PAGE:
Another study coming. At least this time there will also be effort expended to measure the impact of new nonresidential development on employment opportunities for Cambridge residents (could there be a positive impact?). Currently any linkage fees exacted from new development go toward subsidized housing. Some might argue that the greatest deficiency in how these nexus studies and associated linkage fees work is that they do little to address the lack of access for existing residents to jobs in all these new bright shiny buildings, and building additional subsidized housing without such access to employment isn’t necessarily the best strategy.

Charter Right #1. That the Envision Cambridge draft recommendations should be reviewed by the entire City Council in respective committees.

As I have said previously, handing a laundry list of suggestions from Envision Cambridge working committees to each of the City Council committees hardly seems like the best path toward comprehensive planning (you know – the Master Plan). Maybe they just want the Faster Plan.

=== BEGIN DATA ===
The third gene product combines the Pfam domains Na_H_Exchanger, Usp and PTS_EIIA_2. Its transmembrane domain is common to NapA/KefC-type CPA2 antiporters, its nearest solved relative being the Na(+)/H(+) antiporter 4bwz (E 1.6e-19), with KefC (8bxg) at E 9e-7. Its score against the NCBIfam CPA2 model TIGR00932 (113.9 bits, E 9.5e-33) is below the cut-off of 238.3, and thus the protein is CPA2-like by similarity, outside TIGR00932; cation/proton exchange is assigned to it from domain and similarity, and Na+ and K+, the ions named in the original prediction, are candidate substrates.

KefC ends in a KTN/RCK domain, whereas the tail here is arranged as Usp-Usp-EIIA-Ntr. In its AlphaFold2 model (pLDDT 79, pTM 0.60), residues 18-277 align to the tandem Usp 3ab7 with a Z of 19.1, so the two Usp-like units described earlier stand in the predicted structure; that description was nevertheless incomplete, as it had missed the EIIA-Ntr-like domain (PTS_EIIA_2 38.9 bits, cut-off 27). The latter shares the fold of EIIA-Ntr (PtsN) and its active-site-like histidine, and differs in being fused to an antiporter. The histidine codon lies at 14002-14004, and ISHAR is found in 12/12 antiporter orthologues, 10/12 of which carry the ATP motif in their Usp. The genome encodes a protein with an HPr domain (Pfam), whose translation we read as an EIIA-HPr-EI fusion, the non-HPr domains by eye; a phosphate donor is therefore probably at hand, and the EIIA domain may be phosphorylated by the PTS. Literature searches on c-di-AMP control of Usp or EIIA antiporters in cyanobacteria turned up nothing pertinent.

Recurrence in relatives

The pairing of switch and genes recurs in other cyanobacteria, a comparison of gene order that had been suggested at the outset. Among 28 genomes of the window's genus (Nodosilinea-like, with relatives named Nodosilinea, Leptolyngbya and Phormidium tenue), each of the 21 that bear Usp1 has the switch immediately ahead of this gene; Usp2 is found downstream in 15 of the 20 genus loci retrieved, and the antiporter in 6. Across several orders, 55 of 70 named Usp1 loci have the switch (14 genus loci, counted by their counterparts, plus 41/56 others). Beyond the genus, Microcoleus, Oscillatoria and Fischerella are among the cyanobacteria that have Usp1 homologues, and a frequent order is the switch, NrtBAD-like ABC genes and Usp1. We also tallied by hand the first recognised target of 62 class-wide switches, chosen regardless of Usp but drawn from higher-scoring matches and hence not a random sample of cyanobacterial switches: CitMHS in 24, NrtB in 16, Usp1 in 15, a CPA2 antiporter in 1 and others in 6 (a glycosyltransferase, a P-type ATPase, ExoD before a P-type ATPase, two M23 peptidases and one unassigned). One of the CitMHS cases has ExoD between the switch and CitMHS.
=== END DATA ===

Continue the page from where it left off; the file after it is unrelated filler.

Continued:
Order #1. That the City Manager confer with the City Solicitor’s Office on the legal question and the feasibility of placing a condition in public bidding documents prohibiting municipal contractors from displaying any signage—other than company markers and contact information—on vehicles.   Councillor Siddiqui, Mayor McGovern, Vice Mayor Devereux

Though I don’t know for sure (really, I do), I believe this Order came about because somebody snapped a picture of a cement truck that had "Make America Great Again" on it.

Order #4. That the Chairs of the Ordinance Committee schedule a hearing on Tree Protections and the Chairs of the Health & Environment Committee schedule public hearings on Tree Protections and the preliminary results from the Ordinance Committee hearing.   Councillor Zondervan

I may just have to take down sooner than later that problematic ash tree in my yard that’s leaning on my roof. Otherwise, if a new ordinance is passed I may need a lawyer and an additional check.

Order #6. That the City Manager is requested to confer with the Community Development Department and the City Solicitor to investigate the queries posed by the Economic and University Relations Committee for a City-Based Cannabis Social Equity Program.   Councillor Siddiqui, Councillor Mallon, Councillor Carlone, Councillor Zondervan